Some are Born, Some are Made
Are the best horses born that way or does it take a great trainer to bring out the best in a horse? The answer is both.
Here are a couple of examples: Jonathan Field’s amazing grey gelding, Quincy, would never have become a great horse if he hadn’t met up with Jonathan. Watching this cowboy do a demonstration on this outstanding equine athlete takes your breath away. Several trainers had given up on Quincy before he came into Jonathan’s life and he, himself, says he was and may still be the most challenging horse he’s ever worked with. Who knows what Quincy’s fate would have been if he hadn’t met up with the savvy cowboy who now owns him?
In the award-winning book Healing Shine, by calf roping psychologist Dr. Michael Johnston, he describes how it took seven years of personal commitment to transform his big grey gelding, Shine, from an unpredictable “wild card” to one of the best heading horses to ever enter an arena.
Pastures and paddocks are still full of horses that proved just too much for the trainers who tried to start them. On the other hand, there are horses that have the mind, the temperament and the disposition to figure it out — in spite of having to put up with someone who has no clue what they’re doing.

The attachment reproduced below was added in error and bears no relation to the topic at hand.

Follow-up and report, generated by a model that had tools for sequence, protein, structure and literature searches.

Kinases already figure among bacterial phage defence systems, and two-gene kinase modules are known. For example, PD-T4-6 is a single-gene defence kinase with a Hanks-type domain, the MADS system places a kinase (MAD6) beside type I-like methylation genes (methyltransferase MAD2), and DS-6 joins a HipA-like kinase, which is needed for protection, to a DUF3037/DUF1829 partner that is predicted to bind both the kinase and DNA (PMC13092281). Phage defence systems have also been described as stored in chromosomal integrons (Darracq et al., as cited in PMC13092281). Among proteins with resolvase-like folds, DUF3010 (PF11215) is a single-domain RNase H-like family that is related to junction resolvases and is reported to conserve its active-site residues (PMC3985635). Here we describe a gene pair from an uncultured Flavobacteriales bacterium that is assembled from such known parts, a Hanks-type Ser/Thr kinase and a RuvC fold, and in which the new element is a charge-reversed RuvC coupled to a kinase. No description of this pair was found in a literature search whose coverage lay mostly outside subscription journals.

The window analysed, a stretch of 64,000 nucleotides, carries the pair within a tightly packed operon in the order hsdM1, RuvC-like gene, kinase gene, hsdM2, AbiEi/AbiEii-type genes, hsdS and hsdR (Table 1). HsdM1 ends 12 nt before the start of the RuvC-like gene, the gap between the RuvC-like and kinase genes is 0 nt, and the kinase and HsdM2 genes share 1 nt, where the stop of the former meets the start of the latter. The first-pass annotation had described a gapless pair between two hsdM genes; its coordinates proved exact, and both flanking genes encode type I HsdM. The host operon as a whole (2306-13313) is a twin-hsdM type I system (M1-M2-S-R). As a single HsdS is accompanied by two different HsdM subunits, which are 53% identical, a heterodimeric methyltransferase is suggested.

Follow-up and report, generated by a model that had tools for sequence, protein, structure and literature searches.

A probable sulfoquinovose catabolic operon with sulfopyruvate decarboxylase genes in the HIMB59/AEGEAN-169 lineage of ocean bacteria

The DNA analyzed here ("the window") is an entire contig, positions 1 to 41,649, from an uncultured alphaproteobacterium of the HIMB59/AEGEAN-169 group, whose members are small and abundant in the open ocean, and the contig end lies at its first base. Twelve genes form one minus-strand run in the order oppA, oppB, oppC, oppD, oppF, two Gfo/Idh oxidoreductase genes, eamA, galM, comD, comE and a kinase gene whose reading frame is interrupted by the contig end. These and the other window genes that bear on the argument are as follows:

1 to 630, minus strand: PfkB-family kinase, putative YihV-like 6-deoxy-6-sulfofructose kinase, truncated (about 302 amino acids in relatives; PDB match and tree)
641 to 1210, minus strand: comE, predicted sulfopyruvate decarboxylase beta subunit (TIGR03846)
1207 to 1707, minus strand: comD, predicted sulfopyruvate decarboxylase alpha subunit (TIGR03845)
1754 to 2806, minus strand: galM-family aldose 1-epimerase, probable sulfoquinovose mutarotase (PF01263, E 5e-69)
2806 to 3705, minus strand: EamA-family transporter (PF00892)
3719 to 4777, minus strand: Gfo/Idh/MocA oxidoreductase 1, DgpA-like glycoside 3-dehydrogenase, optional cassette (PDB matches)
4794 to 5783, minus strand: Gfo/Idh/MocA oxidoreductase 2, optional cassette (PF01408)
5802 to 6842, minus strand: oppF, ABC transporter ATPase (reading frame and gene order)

Consider a guy who was raised in the city and finally bought a place in the country. He loved horses and could ride OK, but didn’t know as much as he thought he did. He didn’t know a curb from a snaffle, but he went out and bought a green broke, three-year-old Appaloosa gelding. He put an ancient slick fork saddle on him and used a solid shank curb bit — without even knowing it needed a curb strap.
No matter what this rider did, the young gelding figured it out. He rode in the hills, he rode on the trail, he rode in parades and four months after he bought him, he was riding him in the infield of the Calgary Stampede, doing interviews for a radio broadcast of the chuckwagon races. He rode him in a drill team, he took him on cattle drives and that little horse taught that greenhorn more than a bunch of clinics could ever have. This horse was great not because of what the guy did, but in spite of it. And, as you may have guessed, I was that gunsel, and that appy was my first horse, Dandy.
That was more than 40 years ago. I’ve since made part of our living training horses for a long time, started hundreds of colts, seen lots of good ones and a few bad ones … and I can still say that some of the best horses are just born that way, and some horses will not find their greatness until they meet up with a great trainer.
To view a good video of Quincy and Jonathan visit our Video page at www.hugh-mclennan.com.
Cattle rancher and horse trainer Hugh McLennan and his wife, Billie, run their cattle in the beautiful rangeland outside of Kamloops, B.C. Hugh is the host of the multi-award-winning weekly radio program, Spirit of the West, heard across Canada and the U.S.